Three boys are making my life miserable, and one in particular. He arrives with his two 'sheep', is defiant, won't sit on his seat, picks on other pupils and makes nasty remarks. He opens the windows if it's cold and closes them if it's hot. I have tried giving out notes, detentions and sending him to management, but nothing works. I have had a lot of pupils with behavioural issues, but he is the only one I have had real trouble with. I taught him last year, but he wasn't so bad. Management is not very helpful.
I think you need to insist on some support from whoever is in charge of this year group. Log everything you have done and send it to this member of the management team. Make it clear that you have done X, Y and Z (and when) and that not only have things not improved, but he is taking other pupils along with him. You don't have to be rude or even sound as if you are complaining - I have always found it more effective if I suggest what I would like them to do. I think parents should be invited in and the boy should be present with you and a senior member of staff.
The expert view
I am really sorry to hear that you are struggling with this lad.
One thing has changed: he is older and has learned a behaviour pattern that suits him. There does not have to be a huge catalyst for this kind of change; at least not one that can be traced back to an obvious precedent.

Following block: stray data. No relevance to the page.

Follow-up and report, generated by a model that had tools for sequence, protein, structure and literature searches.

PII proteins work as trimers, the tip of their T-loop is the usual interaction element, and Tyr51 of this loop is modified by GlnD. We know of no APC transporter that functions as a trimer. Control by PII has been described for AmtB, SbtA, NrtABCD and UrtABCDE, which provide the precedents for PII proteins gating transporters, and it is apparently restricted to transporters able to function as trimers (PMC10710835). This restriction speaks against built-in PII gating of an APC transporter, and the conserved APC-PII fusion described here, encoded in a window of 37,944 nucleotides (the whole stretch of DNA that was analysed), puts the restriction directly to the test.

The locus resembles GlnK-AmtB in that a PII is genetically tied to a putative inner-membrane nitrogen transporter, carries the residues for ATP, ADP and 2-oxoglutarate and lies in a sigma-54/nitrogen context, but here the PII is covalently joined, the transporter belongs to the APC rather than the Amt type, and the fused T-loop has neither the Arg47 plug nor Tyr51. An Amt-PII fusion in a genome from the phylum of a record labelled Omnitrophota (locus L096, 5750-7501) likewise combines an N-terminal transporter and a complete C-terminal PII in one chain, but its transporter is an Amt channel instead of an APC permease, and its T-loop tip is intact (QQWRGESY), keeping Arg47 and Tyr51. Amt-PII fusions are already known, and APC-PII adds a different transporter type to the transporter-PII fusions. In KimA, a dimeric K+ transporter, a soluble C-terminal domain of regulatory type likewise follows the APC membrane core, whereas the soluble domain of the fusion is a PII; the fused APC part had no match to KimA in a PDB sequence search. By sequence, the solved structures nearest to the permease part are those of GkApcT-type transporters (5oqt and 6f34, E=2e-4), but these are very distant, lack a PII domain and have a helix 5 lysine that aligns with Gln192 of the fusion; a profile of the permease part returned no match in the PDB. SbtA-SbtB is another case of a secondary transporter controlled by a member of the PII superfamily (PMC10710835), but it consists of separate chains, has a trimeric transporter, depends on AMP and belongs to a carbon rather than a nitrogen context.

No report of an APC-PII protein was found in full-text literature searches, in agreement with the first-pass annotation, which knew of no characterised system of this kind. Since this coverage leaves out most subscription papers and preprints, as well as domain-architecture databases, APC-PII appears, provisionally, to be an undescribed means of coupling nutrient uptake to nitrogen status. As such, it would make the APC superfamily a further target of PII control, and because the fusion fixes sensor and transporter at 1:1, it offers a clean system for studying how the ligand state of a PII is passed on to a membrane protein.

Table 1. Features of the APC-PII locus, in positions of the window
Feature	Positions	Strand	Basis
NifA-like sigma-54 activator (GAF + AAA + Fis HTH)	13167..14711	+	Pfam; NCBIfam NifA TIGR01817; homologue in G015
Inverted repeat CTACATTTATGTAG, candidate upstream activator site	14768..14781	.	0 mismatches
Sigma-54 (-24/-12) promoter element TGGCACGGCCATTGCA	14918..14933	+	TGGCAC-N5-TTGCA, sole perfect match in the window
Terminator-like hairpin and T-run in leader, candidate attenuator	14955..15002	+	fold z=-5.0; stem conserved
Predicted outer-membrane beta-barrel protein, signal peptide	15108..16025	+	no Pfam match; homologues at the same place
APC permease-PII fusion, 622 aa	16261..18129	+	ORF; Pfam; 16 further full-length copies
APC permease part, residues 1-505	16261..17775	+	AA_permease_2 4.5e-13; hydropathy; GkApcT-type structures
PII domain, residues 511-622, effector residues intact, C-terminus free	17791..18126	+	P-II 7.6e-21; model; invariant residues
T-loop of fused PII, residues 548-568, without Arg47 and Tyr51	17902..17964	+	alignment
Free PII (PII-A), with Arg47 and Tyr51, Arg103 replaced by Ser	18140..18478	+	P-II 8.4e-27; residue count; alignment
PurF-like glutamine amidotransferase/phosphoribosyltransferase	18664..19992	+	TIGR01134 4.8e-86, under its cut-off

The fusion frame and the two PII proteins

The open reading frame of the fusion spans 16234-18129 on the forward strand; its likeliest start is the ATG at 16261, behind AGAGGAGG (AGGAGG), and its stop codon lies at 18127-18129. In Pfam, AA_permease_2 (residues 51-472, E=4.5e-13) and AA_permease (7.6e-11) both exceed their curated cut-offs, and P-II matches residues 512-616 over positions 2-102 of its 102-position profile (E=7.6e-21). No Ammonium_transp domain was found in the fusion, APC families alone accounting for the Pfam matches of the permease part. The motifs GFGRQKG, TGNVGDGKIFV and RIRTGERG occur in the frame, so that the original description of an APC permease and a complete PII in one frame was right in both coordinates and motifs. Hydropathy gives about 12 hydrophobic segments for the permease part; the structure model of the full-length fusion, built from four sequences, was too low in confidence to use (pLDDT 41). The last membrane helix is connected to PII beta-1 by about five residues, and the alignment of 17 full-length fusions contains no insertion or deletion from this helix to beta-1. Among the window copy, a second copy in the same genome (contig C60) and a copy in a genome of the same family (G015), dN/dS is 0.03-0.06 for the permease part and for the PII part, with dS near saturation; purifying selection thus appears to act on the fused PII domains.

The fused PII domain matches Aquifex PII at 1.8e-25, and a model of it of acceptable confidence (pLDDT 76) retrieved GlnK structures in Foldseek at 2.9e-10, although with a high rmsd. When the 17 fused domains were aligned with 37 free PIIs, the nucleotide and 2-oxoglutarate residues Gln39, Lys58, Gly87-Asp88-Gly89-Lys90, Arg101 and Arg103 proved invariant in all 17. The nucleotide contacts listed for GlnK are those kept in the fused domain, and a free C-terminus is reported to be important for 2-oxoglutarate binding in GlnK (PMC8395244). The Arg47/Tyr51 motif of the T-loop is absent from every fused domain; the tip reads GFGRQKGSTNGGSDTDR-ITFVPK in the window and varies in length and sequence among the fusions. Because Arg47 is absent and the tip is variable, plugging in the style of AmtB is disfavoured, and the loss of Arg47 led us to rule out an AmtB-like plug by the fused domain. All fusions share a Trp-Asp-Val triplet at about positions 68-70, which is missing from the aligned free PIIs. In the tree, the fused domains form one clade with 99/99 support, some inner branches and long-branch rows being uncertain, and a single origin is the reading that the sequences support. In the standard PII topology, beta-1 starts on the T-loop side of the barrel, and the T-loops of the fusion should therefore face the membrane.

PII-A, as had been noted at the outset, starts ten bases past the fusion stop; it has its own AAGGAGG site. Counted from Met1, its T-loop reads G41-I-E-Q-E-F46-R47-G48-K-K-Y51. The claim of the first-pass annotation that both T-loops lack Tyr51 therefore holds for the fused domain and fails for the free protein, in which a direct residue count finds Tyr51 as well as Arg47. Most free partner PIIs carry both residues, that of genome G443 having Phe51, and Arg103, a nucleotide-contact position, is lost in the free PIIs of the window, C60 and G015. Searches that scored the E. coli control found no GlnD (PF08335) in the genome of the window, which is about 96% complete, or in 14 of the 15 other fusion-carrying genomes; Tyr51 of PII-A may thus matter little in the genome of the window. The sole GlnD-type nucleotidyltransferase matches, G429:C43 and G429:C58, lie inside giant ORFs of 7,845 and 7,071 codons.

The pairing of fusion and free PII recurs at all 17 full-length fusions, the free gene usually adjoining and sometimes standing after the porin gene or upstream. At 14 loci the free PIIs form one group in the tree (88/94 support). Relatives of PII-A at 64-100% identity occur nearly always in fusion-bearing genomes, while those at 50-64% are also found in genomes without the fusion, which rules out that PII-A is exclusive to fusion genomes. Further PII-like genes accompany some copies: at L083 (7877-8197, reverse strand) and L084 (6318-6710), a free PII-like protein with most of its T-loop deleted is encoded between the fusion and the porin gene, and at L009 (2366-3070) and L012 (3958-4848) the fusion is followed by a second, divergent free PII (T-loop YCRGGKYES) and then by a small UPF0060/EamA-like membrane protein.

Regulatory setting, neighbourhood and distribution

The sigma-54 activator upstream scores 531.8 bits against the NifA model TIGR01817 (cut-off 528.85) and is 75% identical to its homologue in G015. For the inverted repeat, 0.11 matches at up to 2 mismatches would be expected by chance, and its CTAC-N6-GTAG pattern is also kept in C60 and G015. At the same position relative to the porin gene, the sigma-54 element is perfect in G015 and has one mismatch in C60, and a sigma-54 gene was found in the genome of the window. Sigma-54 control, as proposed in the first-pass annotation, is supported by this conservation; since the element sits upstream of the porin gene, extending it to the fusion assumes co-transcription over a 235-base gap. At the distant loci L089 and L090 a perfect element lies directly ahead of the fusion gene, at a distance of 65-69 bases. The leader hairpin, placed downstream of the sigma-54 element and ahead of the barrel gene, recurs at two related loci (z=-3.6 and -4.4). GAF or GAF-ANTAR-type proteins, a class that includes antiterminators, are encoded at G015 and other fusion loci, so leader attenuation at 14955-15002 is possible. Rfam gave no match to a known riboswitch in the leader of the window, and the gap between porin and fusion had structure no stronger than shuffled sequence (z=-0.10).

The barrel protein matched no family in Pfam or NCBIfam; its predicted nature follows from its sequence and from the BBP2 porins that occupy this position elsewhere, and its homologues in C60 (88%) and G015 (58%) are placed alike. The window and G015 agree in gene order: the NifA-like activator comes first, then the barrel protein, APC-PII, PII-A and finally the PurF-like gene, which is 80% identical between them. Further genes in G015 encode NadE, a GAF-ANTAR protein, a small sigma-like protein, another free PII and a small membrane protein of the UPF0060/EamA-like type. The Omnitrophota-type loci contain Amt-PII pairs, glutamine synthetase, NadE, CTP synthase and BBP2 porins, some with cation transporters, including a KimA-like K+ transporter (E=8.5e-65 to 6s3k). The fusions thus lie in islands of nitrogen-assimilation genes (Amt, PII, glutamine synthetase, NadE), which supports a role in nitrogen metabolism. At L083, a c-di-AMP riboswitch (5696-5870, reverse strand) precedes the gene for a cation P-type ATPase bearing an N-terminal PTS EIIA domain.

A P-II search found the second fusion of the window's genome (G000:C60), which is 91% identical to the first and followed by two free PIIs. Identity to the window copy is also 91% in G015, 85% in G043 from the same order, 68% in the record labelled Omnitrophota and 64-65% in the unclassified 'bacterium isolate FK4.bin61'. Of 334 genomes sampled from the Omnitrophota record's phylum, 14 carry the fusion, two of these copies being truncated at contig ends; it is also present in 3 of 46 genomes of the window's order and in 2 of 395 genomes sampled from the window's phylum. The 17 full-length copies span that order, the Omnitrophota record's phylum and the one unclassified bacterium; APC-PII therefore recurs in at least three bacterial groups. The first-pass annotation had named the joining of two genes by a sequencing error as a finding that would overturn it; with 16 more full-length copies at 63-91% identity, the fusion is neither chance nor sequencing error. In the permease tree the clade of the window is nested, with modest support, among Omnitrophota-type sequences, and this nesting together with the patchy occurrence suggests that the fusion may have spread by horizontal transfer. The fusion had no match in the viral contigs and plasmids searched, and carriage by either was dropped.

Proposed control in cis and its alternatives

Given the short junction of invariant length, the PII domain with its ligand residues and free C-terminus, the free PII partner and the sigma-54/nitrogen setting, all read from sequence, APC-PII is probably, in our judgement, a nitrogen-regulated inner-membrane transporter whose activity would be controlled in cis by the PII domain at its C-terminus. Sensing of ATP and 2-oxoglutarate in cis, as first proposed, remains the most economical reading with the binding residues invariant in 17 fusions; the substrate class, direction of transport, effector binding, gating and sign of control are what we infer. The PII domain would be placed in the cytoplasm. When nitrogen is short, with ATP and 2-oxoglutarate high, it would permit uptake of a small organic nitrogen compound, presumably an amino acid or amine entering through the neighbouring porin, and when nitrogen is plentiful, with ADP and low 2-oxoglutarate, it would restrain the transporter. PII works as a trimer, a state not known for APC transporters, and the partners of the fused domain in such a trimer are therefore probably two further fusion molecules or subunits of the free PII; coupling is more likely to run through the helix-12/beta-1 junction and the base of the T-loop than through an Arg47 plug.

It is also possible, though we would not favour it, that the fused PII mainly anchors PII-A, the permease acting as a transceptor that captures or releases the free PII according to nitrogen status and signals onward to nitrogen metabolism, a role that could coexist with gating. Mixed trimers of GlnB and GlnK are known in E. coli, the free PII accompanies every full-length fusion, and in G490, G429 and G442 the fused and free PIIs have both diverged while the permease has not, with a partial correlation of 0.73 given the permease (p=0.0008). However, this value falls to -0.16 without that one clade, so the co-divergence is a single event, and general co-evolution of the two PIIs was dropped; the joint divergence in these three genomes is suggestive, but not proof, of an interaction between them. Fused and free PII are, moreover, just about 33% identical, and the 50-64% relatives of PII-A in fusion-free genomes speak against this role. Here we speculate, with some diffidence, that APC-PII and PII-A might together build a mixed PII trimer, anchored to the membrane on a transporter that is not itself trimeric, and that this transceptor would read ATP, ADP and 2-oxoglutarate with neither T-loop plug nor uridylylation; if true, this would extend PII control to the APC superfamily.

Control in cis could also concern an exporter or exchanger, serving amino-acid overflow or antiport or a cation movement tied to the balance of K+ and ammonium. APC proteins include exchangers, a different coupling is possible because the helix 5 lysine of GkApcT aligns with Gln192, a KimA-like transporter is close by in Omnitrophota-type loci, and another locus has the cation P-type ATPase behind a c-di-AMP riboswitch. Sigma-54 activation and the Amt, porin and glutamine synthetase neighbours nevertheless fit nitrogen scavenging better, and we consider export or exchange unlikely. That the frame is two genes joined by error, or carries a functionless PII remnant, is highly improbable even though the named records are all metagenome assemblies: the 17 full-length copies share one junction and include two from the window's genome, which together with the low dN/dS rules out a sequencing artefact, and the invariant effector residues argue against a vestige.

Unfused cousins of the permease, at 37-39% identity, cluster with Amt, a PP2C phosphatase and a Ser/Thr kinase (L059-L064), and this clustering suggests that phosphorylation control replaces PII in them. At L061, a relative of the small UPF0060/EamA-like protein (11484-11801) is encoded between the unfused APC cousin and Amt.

You are right to focus on the one child - you may have three hard cases of equal density, but it is more likely that you have a leader and two henchmen. Cut off the head and the body will fall.
The key for this boy will always be sanctions, applied fairly, consistently and with rigour. You say that you have given detentions, but I wonder how consistent you have been. Is he always given the same sanction for the same thing, or is he sometimes let off? He needs to know that your electric fence is always on.
If he gets a sanction and continues to misbehave, there must be an escalation: from a half-hour detention, to an hour, to a Saturday, up to and including exclusions. This process needs to be fluid, automatic and obvious to him. He needs to see that the more he swims against your tide of disapproval, the stronger the tide grows, until it becomes untenable for him.
If you are not getting support, this is a big problem, because the last point only works when line management helps to make it happen. So speak to the people responsible and ask them what to do next, what they plan to do and when. Take a note of what they say, then if their word fails to match the world, call them out on it, politely. Ask them again - what happens next?
This boy may even be enjoying your discomfort. So keep cool, do not lose your rag - but be definite. If he acts up, he is sent out or removed, with no fuss, just cool, professional determination.
You can sort this out. It may take some time, but you can be the boss of this situation. You just need to reboot your expectations and rules a bit. You will get there.
Tom Bennett is author of The Behaviour Guru and Not Quite a Teacher. http:behaviourguru.blogspot.com
Post your questions at www.tes.co.ukbehaviour.